Critical Juncture: At 6-7, Denver Nuggets must not pretend things are going to magically get better

Jan 12, 2021; Brooklyn, New York, USA; Denver Nuggets center Nikola Jokic (15) controls the ball against Brooklyn Nets center Jarrett Allen (31) during the first quarter at Barclays Center. Mandatory Credit: Brad Penner-USA TODAY Sports

Word to the wise: Do not waste Nikola Jokic.

Not for a game. Not for a season. Not for any chance that might come the Nuggets’ way.

Guys like this don’t come around very often for any team. Furthermore, NBA teams in the middle of the country just don’t land a transcendent talent like the Joker, like, ever. And on the rare occasion they do, it’s not long before they’re wanting out.

This isn’t to suggest that the Super Serbian wants out – that doesn’t feel likely. Jokic, by all accounts, truly likes it here. He’s the anti-superstar superstar. He doesn’t seem to need LA or Miami or New York. This spot suits him just fine.

But dearest Denver Nuggets, don’t waste this guy. Put a damn team around him, for crying out loud.

Sitting at 6-7 on the shortened season already, the Nuggets wouldn’t make the postseason if it started today. That’s a sad statement for a team that just advanced all the way to the Western Conference Finals. Sure, there’s plenty of time to turn things around, and with stars like Jokic and Jamal Murray – who’s been good but not “bubble good” – nobody should count them out of a playoff spot just yet.

But that kind of thinking is dangerous.

More dangerous is the kind of thinking that must have taken place this offseason, thoughts that rendered the likes of Jerami Grant, Torrey Craig and Mason Plumlee easily replaceable. The Nuggets are selling everyone, themselves included, a bill of goods on too many things right now – that Facu Campazzo is, at the point, anything more than poor man’s version of J.J. Barea, that Paul Millsap can still play at the level they need him to, that JaMychal Green can fill Grant’s shoes, that Gary Harris is an elite defender or that he’ll one day regain his shooting touch. All of it – rumor, hearsay, hope. False hope.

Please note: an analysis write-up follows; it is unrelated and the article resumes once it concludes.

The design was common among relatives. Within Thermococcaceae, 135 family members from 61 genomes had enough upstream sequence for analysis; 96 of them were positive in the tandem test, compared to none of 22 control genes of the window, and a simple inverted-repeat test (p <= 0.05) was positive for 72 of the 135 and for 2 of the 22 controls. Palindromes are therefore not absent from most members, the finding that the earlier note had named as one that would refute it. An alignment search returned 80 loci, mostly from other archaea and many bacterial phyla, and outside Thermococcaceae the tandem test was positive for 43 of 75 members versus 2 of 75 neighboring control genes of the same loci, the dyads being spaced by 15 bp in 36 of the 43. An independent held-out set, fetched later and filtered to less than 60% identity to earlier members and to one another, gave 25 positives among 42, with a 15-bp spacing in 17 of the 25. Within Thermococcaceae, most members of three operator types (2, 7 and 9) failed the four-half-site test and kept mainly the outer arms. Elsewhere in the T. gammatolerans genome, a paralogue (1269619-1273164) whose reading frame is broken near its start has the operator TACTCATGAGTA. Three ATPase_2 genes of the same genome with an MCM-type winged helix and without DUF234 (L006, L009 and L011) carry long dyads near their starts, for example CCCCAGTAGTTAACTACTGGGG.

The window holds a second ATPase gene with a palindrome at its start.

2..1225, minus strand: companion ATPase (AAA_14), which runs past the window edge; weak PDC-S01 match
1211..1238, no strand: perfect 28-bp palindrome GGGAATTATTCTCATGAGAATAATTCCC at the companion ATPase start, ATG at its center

In the blink of an eye, even amidst the impressive evolution of Jokic and Murray, the Nuggets got worse. And it’s showing instantly. Pundits like to talk about the “window” of opportunity in the NBA. For the Nuggets, the window will always be narrow (they’re not the Lakers, who can buy, or “attract” a title whenever they feel like it), so it’s even more critical to take advantage when it’s open. Tim Connelly has done a nice job of managing most of the team’s key contracts – the core players aren’t going anywhere anytime soon – but it feels like Joker and Murray are playing with a skeleton crew right about now, particularly with Michael Porter Jr. mysteriously out (is there, or is there not, something fishy about the entire MPJ situation?).

The Nuggets have a defensive-minded head coach whose defensive toys were just taken away from him. Doesn’t it stand to reason that one of two things must happen: Either, the Nuggets get tougher and stronger through a trade or free agent (next season), or, the Nuggets stop trying to force a square peg into a round hole with Malone. He’s done a great job with a young and somewhat unique roster, but without the tools he needs on D, how can he succeed? Would Connelly be better off to bring in an offense-first head coach who would thrive having a playmaker like Jokic in his lineup?

Perhaps it’s too late to do much this season. The Nuggets aren’t making any kind of Rockets-Nets splash anyway. But unless things take a drastic turn for the better – soon – this season may only serve as a tough lesson from which to learn.

The Nuggets have the key pieces. But that can’t be enough. The window is open and should, in theory, stay that way for a while. But the results of sitting idle in the offseason are playing out in front of our very eyes. That can’t happen again.

So long as Jokic and Murray are Nuggets, now is, and always will be, a critical juncture.